5. Get social
There’s no better way to promote how your neighborhood is celebrating Small Business Saturday than by encouraging community members to post about their Shop Small experience on social media. In Downtown Kearney in Nebraska, community members could post a selfie from participating local business on their Main Street for the chance to win a Main Street shopping spree.

6. Partner with other Main Street communities
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Photo credit: Downtown Lee's Summit Main Street

Often working with other Main Street communities can help create a more engaging experience for both neighborhoods! Take Downtown Lee’s Summit and Downtown Washington in Missouri for example. Downtown Washington conducted a passport contest, where shoppers received passport stamps at participating businesses on Small Business Saturday. Participants with completed passports were entered to win downtown gift cards or a trip to Downtown Lee’s Summit. In Downtown Lee’s Summit, shoppers could pick up “scratch-off” cards at downtown businesses for the chance to win Main Street gift cards. Their scratch-off card would also enter them into a drawing to receive a free trip to Downtown Washington. Washington and Lee’s Summit exchanged stays at independent hotels in their communities, and train tickets were donated to and from both towns for the winners.

7. Get buy-in from Main Street businesses
Consider hosting a Small Business Saturday kick-off meeting with your Main Street businesses to get everyone on board and ready to participate in the big day. Encourage merchants to offer special services like free gift wrapping, free delivery, shipping services, and refreshments, as well as longer store hours.

8. Experiential retail is key
Encourage your small businesses to host in-store shopping experiences to make Small Business Saturday fun for all ages. From wreath-making workshops to creating custom wrapping paper, hosting interactive and festive activities will be sure to bring shoppers downtown. In Benicia, California, for example, the Main Street program hosted a Wine Walk last year, where 30 businesses set up wine tasting stations for shoppers to sip as they shopped. Benicia Main Street sold 400 wine tasting tickets last year.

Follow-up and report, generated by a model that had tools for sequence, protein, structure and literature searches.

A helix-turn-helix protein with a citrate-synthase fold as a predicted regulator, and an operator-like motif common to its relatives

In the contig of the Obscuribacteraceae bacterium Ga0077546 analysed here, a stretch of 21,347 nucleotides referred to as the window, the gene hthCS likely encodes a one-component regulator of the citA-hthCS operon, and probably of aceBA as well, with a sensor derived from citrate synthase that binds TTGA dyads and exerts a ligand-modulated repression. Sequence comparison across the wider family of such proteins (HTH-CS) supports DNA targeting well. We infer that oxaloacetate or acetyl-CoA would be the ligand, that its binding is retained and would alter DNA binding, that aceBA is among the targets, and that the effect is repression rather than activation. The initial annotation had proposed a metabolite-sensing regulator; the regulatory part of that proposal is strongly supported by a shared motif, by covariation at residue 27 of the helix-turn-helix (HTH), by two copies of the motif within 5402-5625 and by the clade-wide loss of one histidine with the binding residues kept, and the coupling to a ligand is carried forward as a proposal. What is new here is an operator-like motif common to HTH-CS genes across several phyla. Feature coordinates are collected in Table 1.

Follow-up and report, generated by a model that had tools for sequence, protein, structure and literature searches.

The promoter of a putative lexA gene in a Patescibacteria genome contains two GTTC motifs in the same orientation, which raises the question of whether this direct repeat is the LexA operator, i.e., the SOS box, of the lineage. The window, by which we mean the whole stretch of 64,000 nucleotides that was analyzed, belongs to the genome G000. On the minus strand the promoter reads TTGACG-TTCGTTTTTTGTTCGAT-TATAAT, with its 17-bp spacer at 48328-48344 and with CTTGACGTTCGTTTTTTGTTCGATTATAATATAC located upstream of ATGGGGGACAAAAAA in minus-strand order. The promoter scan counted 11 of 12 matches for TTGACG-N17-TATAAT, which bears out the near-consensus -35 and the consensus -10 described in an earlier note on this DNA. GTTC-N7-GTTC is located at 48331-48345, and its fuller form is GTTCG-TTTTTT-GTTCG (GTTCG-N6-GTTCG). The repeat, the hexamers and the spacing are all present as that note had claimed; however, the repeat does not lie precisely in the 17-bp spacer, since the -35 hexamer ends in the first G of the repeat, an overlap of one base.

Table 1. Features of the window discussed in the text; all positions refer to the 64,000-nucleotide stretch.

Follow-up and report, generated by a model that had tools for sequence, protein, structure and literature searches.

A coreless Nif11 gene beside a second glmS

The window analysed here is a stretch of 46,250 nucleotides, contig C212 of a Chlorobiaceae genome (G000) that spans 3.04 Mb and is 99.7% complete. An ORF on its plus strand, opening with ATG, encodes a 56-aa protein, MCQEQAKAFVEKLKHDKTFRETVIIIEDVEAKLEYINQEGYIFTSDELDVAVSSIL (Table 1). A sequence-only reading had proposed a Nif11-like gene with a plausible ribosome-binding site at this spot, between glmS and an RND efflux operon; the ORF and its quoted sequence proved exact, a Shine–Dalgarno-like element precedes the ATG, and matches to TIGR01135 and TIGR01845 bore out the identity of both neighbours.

9. Make it easy for community members to participate
We know that there can be a lot going on in towns across the country during the main shopping weekends, so where possible, try to make it easier for members of the community to access your shopping areas. For example, The Downtown Allentown Business Alliance in Pennsylvania offered free parking on Small Business Saturday last year to make it simple for customers to come to Main Street small businesses. Get in touch with your local city departments to see if this is possible!

10. Make the Shop Small movement last all year long
Be sure to provide customers with the opportunity to sign up to be on your mailing list so that you can engage with these community members and make them downtown customers all-year round. You can even ask willing businesses to provide coupons or other incentives to encourage customers to return long after Small Business Saturday ends.

For even more ideas about how to make this year’s Small Business Saturday a success, check out last year’s webinar on Making the Most of Small Business Saturday and posts from our blog:

Share your ideas and tips from previous Small Business Saturday celebrations with the Main Street America network on The Point, and stay tuned for an announcement about an exciting new opportunity coming soon - the Main Street Neighborhood Champion Innovation Contest! The Main Street program with the best idea(s) will receive prizes in the form of gift cards. Additional details to come.